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Ru: A Novel Paperback – November 27, 2012
This month's Book With Buzz: "Little Fires Everywhere" by Celeste Ng
From the bestselling author of Everything I Never Told You, a riveting novel that traces the intertwined fates of the picture - perfect Richardson family and the enigmatic mother and daughter who upend their lives. See more
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“[A] moving autobiographical novel... Thuy's poetic vignettes, set along the way from Southeast Asia to Quebec, bring specificity to the familiar immigrant journey.” ―Susannah Meadows, The New York Times
“This extraordinary first novel unfolds like ethereal poetry…. this is much more than another immigration story. For readers in search of intricate, mesmerizing narrative, Ru will not disappoint.” ―Library Journal, starred review
“Less is more in this slim, award-winning autobiographical novel... This flow of memories [goes] beyond the refugee experience to touch on war and peace, the strength of maternal love, even the devastation of autism... Ru means 'stream' in French and 'lullaby' in Vietnamese; both are apt for this luminous first novel of memories strung together in concise yet lyrical and sensuous prose.” ―Booklist, starred review
“Unsentimental... poetic and powerful.” ―The Guardian
“Gloriously, passionately, delicately unique... A remarkable book.” ―The Chronicle Journal
About the Author
Kim Thúy was born in Saigon and arrived in Quebec at age ten in 1978. She has degrees from the University of Montreal in linguistics and translation and in law, and lives in Montreal, where she now devotes herself to writing.
Sheila Fischman is a two-time winner of both the Canada Council Prize for Translation and Columbia University's Felix-Antoine Savard Award, and has also received the Governor General's Award for Translation and the Molson Prize for the Arts.
Top customer reviews
What I love about her work is that she uses very little words to tell an entire story. They are very few words, but the right words that make the biggest impact.
Her work is absolutely beautiful. Kim is also one of the nicest authors I've ever had the pleasure of meeting and interviewing. Her work is phenomenal. Her works are something you must include in your library.
Highly recommended for those who love beautiful literature, as well as Asians, Asian Americans, etc. Also, if you love Vietnamese Food, you'll love her book Man. She will have you lusting for the flavors of Vietnamese food from street vendors.
“My parents often remind my brothers and me that they won’t have any money for us to inherit, but I think they’ve already passed on to us the wealth of their memories, allowing us to grasp the beauty of a flowering wisteria, the delicacy of a word, the power of wonder. Even more, they’ve given us feet for walking to our dreams, to infinity. Which may be enough baggage to continue our journey on our own. Otherwise, we would pointlessly clutter our path with possessions to transport, to insure, to take care of.”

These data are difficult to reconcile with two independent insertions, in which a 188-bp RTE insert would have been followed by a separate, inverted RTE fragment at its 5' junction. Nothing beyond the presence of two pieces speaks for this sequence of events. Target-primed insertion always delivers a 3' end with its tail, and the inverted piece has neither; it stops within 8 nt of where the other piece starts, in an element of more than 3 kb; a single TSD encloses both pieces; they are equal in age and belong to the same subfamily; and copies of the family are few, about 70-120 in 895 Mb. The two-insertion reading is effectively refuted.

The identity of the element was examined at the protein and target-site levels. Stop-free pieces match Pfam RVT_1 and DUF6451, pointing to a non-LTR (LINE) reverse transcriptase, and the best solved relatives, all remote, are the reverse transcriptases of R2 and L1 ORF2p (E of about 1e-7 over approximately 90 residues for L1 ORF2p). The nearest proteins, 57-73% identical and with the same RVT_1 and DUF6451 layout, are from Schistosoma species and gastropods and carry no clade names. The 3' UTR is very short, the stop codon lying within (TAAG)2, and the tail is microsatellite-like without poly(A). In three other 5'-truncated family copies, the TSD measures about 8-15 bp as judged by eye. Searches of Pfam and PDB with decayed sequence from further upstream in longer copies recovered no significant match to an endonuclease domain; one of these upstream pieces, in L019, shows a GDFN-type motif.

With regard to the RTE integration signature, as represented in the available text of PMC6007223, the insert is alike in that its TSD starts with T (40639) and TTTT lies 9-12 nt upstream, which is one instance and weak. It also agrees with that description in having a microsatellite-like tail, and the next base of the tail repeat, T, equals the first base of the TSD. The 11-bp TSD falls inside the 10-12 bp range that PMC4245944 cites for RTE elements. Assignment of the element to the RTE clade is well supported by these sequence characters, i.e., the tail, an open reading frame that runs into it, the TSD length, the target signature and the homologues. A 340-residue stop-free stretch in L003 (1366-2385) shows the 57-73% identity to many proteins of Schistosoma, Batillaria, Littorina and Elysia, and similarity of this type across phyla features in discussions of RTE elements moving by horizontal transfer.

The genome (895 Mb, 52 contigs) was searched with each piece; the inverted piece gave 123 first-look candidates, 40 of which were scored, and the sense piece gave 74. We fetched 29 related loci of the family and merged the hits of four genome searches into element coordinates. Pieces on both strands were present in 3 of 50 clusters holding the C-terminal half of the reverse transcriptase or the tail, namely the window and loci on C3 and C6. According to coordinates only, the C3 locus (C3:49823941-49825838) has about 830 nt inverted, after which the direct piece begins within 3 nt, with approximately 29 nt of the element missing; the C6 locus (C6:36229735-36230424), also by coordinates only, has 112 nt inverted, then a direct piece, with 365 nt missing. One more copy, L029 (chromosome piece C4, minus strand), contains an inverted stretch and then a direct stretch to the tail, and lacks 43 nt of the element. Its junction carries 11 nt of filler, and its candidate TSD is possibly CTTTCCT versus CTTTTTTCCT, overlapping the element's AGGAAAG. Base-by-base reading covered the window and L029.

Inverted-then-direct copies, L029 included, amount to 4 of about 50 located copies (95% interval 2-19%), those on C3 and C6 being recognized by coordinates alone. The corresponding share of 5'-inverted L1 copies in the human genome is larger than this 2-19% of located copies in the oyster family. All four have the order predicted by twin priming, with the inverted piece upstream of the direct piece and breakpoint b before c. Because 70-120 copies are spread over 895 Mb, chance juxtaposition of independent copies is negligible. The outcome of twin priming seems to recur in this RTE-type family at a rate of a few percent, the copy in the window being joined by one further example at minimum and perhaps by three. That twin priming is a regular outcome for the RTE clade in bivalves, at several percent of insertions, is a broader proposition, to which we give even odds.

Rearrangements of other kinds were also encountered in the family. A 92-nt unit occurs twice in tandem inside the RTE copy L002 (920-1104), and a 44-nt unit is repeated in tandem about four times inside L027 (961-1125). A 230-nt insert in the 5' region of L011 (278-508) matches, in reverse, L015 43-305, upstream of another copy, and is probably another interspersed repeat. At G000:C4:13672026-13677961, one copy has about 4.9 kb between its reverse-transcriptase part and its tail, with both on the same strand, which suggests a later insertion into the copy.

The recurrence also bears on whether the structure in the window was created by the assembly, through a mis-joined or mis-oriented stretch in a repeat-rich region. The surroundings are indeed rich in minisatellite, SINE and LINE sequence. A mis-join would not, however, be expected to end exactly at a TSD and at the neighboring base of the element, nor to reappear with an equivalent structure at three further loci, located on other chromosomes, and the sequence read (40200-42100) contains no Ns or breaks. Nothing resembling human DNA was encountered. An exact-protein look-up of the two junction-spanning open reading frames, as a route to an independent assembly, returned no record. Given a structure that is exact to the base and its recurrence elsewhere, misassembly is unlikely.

Tinh develops from mute fear in so-different Quebec, shadowing a schoolfriend, to someone who, upon returning to Vietnam, is told by a waiter that she cannot really be Vietnamese, essentially because she has grown too Western and sure of herself. The key is to endure - her mother passes onto her a Saigon proverb: "Life is a struggle in which sorrow leads to defeat.”
Some readers have seen structural problems with the loose connections, and questioned the lack of character depth. For me, neither of these detracted from the strong writing and affecting story, as we follow An Linh and her family and acquaintances from her childhood ruin to a new country and hope.
“I moved forward in the trace of their footsteps as in a waking dream where the scent of a newly blown poppy is no longer a perfume but a blossoming: where the deep red of a maple leaf in autumn is no longer a colour but a grace; where a country is no longer a place but a lullaby.”
Ru is beautifully written in a very unique style which captures your heart and mind. Kim Thuy's book is also informative. I had never really considered the horrible struggles Vietnamese immigrants have had to endure, nor the wonderful victories many of them have achieved. Kim Thuy surmounted every obstacle on her path with love, strength and dignity.
Although I have not finished the book, I certainly will, but even if I never finish it, what I have read thus far has been such a pleasure, I will never forget it.
BUT, there is one thing I don't understand, and since there is no contact information for Kim Thuy, there is no one to ask. I am very curious as to why her book is called a "fictionalized" novel. It's an autobiography, so why was there a need to "fictionalize" anything? And exactly what is real and what is not? How and why would you fictionalize your own life story? Oh well...